7 Reasons You Want a Flu Shot

This winter, you could catch a terrible flu, give it to your family, feel awful for days on end, and possibly have dangerous — maybe even fatal — complications. Or you could avoid all that with a flu shot. Seems like a no-brainer, right? Especially since many of us can get flu shots for free through our insurance, clinic or county health department. And yet, according to the Centers for Disease Control (CDC), only 47.1% of all Americans received a flu shot in 2014-2015. Which means there’s a good chance YOU are one of the folks who didn’t get one.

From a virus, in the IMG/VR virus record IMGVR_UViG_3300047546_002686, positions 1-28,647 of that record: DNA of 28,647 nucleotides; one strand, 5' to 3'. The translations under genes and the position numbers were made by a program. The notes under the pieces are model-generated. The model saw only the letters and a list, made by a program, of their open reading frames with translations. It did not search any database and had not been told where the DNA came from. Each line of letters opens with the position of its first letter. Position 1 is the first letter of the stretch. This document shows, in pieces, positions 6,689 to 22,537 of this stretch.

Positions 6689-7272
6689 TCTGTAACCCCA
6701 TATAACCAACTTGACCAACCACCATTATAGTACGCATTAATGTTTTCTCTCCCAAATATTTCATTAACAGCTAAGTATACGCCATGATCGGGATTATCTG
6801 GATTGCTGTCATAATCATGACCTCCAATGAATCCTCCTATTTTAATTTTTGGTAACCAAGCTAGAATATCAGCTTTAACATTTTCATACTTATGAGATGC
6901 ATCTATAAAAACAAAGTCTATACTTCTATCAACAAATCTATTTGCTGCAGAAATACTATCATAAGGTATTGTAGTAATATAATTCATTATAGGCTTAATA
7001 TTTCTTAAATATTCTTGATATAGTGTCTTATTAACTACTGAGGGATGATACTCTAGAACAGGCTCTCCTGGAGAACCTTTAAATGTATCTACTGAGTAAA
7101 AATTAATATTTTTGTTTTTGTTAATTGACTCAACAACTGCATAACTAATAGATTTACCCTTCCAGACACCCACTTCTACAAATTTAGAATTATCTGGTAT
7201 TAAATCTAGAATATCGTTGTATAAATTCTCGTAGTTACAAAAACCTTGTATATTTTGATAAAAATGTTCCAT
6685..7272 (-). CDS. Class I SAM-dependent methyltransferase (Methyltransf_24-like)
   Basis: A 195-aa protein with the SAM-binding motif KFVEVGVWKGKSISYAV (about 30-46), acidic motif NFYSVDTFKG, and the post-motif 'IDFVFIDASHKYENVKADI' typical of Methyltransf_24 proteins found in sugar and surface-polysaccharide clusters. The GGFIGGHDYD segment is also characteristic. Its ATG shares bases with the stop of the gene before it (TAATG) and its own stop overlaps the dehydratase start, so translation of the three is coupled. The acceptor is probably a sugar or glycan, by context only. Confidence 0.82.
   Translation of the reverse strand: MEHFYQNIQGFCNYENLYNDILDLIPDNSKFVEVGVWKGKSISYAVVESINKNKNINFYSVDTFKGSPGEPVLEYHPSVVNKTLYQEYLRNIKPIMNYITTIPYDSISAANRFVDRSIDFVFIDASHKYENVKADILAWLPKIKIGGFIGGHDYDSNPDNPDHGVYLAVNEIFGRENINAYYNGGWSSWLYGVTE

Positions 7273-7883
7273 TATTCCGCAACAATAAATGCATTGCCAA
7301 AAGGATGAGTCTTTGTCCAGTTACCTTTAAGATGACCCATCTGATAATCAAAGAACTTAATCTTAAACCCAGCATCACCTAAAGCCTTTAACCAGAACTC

Spotlight

Shaw healthcare (Group) Ltd

Shaw healthcare is one of the UK's leading health and social care providers. Established in 1986, it provides specialist care to individuals in nursing and residential homes, hospitals, supported living arrangements, extra care schemes and domiciliary care settings. With over 4,600 employees working across 80+ sites, its bespoke services range from comprehensive care packages through to low level support in the community for older people and adults with physical, sensory or mental health support needs.

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Health Technology, Digital Healthcare

Impact of Social Media on Healthcare Marketing

Article | September 7, 2023